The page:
Thanks to Apple’s strict software approval process, iOS devices are generally considered some of the most secure. But you might want to be careful about where you plug them in for charging. Researchers at the Georgia Institute of Technology have developed a modified charger capable of installing malware onto any device running Apple’s latest iOS operating system.
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The security features built into Apple’s iOS software are so good that the police are unable to gain access to defendant’s iPhones when they need to. Apple itself is able to bypass the security software and decrypt locked devices — and it do so when the police request it. But the company has so many requests that it has to add police to a lengthy waiting list.
A group of Russians decided to take their Opel Vectra car and turn it into the “James Bond car” that could be driven with a cellphone in Tomorrow Never Dies. The result, is a beat up beauty that can be driven with an iPad. Check it out:
The interface designer behind the Auxo app-switcher concept (@Sentry_NC) has come up with another fantastic idea, this time aiming his attention at the Lock Screen of iOS. In this new concept, iPhone and iPad users would be able to swipe over from the right hand side of their device screen, revealing a host of settings that typically require launching the Settings app for.
I sure hope Apple implements something similar.
Hot on the heels of a hack over the weekend that compromised Evernote users’ emails, usernames and passwords — and resulted in the company initiating a password reset on all accounts — Evernote’s hurrying through a new two-factor authentication process, which would allow you to authorize your account in a variety of ways, like entering a code you receive by SMS message.
Evernote’s not the only company to roll out two-factor authentication after a breach: Dropbox also introduced two-factor authentication after a hack last year. If Evernote uses Dropbox’s method, it won’t be obligatory, but instead something you turn on optionally in your account. Better safe than sorry.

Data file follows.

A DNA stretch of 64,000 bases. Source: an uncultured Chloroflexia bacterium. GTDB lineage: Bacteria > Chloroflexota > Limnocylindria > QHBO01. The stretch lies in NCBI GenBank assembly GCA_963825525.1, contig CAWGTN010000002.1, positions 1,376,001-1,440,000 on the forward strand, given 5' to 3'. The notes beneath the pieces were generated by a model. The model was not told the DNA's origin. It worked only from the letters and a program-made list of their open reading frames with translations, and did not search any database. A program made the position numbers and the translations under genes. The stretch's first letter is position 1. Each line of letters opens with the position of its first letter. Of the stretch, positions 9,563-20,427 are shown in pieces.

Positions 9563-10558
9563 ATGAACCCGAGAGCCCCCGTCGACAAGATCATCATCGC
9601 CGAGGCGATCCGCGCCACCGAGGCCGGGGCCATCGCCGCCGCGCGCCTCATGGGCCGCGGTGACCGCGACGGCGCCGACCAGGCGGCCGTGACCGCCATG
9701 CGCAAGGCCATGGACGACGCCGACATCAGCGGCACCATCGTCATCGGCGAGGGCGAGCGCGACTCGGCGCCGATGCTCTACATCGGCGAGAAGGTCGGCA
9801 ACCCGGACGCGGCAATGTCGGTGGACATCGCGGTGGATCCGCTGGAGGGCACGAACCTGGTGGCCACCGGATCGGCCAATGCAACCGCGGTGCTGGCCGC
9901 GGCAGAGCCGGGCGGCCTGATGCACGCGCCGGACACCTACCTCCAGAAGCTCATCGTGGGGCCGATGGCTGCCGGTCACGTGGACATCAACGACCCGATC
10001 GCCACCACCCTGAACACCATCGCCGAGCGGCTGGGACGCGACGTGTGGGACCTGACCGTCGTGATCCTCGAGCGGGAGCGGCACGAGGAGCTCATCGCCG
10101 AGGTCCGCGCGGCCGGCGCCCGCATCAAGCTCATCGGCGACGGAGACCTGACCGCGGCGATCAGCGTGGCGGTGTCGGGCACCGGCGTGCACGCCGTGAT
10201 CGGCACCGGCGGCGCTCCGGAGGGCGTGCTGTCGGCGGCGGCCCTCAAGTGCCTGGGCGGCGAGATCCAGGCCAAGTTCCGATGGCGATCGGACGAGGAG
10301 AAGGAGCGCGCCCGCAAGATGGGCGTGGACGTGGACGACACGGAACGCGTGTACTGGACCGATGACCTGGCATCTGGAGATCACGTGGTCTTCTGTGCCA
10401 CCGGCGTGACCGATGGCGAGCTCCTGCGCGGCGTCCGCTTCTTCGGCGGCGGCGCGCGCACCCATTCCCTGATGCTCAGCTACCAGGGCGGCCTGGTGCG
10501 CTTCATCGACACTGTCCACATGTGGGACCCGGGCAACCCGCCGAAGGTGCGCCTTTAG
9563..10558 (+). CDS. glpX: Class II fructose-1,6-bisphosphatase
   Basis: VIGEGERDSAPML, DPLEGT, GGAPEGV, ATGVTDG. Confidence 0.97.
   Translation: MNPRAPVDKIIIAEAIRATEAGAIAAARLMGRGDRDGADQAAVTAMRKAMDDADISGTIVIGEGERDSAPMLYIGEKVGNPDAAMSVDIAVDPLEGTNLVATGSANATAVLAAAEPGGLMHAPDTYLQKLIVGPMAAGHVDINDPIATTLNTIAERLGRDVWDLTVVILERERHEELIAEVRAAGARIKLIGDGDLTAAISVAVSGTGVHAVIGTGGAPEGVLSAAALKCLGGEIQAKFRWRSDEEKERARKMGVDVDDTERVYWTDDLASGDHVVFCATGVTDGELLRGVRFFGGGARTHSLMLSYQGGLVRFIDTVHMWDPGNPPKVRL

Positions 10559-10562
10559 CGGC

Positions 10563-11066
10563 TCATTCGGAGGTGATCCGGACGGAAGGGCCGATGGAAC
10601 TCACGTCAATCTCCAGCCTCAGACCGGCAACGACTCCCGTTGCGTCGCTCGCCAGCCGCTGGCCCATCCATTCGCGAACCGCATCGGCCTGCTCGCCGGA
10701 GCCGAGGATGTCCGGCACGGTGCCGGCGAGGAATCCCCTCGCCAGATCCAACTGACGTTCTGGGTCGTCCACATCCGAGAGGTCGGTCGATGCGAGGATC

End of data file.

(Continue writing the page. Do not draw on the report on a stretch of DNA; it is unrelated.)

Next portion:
- Source Information Week
It’s only been a few weeks since the first lockscreen hack was discovered on iOS 6.1, but some researchers have already discovered a new way to bypass the iPhone’s lockscreen without entering the security PIN.
The bug was found in iOS 6.1 by Benjamin Kunx Mejri, and it follows some of the steps as the last exploit but has some variation in the steps, and it allows an attacker to access all your data by plugging your device into a computer’s USB port.
Earlier today it was reported that Apple’s computers had been compromised by a zero-day exploit in Java. Apple quickly released an update to patch the flaw for all Macs, but not before some of its own employees had been hacked.
The hack in question affected more than just Apple; Silicon Valley giants like Facebook and Twitter were also compromised. How exactly were hackers able to gain access to some of the biggest tech companies’ computers? The source is a single web forum for iPhone development.
A hacker has been found guilty of a massive security breach that exposed the emails of more than 114,000 iPad owners back in 2010. Andrew Auernheimer was one of two Goatse Security members who were arrested for exposing the major flaw in AT&T’s database, and he now faces two five-year charges.
Last week, we reported on a great little hack that allows you to remove Apple’s stock iOS apps from your iPhone, iPad, or iPod touch without jailbreaking it first. The only problem with it was when your device was restarted the apps would reappear, and you had to repeat the whole process again to remove the apps that are wasting space on your home screen.
Now the tweak’s been improved somewhat to make the whole process much quicker by using the new Passbook app in iOS 6. And no, it still doesn’t require a jailbreak.
Yesterday a nasty iPhone SMS spoofing hack was detailed by iOS hacker pod2g. Someone with malicious intent could theoretically change the reply-to number in a SMS message without your knowledge. For instance, you could receive a SMS from a number pretending to be your bank. If you replied with a password or other sensitive data, your security would be compromised. The hack also allows for someone to send a completely spoofed message from a random number.
This bug has been on the iPhone for years and is still present in the iOS 6 beta. Apple today released an official statement addressing the issue.